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Microsoft making gains in the K-12 market; Google leads in the U.S.

The K-12 education market has proved to be a new battleground for tech giants to tough it out. Google's Chrome OS has quietly captured the market in the U.S., but Microsoft is stepping up its game too.

Last year, the Redmond company and its partner OEMs released several low-cost Windows 10 S PCs targeted specifically at the education market. The devices seem to have worked as Windows saw a considerable jump of 6.5% in the sub-$300 category in the education market - its highest market share in the last four years.

Microsoft, on its part, took this opportunity to boast about the new milestones it has achieved in the market:

  • Every month, more than one million new Windows 10 devices are being used by students in K-12 and higher education.
  • OneNote has grown more than 75 percent in the last year, and more than 18 million new student notebooks have been created in OneNote since the start of the school year.
  • Microsoft Learning Tools usage is growing at an incredible rate with more than 10 million monthly active users across Word, OneNote, Outlook, Microsoft Edge, and Office Lens2 and is supported in more than 30 languages. Learning Tools has been shown to increase reading speed and comprehension for students of all abilities, leading to test scores that are 10 percent higher than students who did not use Learning Tools.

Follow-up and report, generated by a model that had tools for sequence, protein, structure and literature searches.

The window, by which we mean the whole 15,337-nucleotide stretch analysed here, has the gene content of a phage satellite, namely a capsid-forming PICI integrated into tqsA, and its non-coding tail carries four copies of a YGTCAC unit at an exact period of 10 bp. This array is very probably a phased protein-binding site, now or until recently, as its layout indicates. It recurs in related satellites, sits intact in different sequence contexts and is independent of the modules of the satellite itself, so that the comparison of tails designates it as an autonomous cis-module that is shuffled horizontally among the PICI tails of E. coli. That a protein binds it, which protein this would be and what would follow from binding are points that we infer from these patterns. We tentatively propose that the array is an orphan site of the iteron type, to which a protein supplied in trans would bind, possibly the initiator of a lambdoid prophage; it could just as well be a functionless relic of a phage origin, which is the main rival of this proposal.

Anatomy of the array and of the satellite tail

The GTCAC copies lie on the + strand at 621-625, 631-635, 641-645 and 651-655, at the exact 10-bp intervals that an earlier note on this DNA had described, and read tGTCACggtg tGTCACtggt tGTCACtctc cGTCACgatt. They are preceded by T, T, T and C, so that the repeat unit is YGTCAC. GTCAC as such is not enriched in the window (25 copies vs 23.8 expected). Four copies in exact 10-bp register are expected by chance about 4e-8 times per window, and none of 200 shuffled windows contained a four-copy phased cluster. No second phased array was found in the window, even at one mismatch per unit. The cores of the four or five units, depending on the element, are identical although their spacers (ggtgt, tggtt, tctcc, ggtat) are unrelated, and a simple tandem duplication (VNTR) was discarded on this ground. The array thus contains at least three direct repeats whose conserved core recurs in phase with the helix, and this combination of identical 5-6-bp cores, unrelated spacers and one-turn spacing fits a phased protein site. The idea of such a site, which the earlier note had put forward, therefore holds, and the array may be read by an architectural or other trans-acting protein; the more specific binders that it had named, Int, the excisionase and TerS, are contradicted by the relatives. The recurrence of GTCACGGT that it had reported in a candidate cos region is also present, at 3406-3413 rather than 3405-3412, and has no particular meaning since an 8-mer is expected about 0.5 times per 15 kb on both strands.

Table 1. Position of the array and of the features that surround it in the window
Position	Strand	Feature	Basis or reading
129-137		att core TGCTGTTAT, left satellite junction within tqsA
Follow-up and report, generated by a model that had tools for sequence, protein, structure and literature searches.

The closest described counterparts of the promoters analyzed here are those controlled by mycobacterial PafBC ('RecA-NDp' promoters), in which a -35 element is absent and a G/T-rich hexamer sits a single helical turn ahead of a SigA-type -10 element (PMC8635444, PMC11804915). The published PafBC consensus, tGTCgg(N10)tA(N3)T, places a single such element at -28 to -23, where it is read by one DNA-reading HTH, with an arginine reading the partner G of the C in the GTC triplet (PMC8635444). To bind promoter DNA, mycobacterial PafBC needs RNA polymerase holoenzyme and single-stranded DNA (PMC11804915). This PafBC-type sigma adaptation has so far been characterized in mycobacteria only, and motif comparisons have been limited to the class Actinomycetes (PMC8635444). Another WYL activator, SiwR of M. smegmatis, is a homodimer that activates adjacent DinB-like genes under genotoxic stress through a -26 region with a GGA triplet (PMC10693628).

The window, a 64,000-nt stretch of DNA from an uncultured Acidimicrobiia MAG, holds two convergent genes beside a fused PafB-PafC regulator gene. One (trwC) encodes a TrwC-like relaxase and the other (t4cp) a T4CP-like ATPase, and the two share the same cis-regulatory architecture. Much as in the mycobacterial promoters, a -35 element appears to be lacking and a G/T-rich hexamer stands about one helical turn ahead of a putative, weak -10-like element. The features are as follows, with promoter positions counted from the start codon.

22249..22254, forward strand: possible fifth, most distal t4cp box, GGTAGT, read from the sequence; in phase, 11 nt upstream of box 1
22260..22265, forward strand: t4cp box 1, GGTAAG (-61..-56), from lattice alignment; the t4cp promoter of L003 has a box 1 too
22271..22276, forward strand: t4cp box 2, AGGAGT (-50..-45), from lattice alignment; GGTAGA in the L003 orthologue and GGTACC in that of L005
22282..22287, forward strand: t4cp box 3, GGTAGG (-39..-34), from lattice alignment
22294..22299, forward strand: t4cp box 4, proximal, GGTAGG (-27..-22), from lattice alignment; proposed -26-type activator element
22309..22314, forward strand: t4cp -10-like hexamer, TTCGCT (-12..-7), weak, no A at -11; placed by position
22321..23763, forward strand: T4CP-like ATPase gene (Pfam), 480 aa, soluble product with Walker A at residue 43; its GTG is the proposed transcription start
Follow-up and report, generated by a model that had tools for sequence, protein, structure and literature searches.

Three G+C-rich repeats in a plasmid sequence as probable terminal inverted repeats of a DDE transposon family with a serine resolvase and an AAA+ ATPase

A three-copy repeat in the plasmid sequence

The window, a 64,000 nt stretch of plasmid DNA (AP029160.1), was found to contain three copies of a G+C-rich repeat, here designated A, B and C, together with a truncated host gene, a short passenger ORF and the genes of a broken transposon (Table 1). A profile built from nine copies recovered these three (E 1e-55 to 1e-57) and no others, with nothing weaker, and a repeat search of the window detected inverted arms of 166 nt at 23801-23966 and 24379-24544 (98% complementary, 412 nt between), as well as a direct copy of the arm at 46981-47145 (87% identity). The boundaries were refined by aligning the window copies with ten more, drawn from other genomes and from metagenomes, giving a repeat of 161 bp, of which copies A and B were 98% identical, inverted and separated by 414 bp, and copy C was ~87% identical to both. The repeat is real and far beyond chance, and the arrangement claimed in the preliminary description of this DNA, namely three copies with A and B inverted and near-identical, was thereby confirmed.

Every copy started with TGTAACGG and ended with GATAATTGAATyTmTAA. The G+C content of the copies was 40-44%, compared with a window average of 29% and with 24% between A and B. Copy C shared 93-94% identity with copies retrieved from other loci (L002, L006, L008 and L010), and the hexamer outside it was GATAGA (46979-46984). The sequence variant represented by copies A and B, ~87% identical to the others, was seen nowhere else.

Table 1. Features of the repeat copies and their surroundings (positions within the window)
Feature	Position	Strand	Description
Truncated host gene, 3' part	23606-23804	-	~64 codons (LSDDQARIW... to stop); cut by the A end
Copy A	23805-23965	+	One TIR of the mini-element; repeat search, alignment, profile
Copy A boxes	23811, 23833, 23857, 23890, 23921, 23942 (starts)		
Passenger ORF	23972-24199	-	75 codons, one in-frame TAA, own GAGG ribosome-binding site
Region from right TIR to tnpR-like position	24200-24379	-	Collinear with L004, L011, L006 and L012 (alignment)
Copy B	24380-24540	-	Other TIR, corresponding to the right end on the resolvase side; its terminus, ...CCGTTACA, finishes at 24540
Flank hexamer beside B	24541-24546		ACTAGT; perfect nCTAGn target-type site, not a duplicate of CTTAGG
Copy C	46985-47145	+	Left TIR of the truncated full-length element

According to the consulting firm Futuresource, the K-12 market grew 11% over the previous year to move over 29 million units across the globe. However, smaller projects in the Middle East and Africa caused a 9% decline year-over-year in the fourth quarter. The U.S. market slowed down as well, selling only 2.08 million units in the fourth quarter- growing a meager 1% over Q4 2016.

Chromebooks still took the lion's share of the market, shipping 58.3% of the unit sales made in the U.S. last year, and making a huge dent in international markets such as Canada. Apple's iPad faced a much tougher time as its sales declined in the fourth quarter.

Microsoft has been aggressively pushing its cost-effective PCs to schools and even highlighted its advantages over Google's Chromebooks. Earlier this year, the company released sub-$200 laptops for the education market with Google making similar attempts. The Redmond corporation is even making it easier for users to switch between the Education and Enterprise versions of Windows 10.

With the market expected to grow in 2018, the competition between the two corporations in the K-12 segment will be an interesting one to watch.

Source: Futuresource | Windows Blogs

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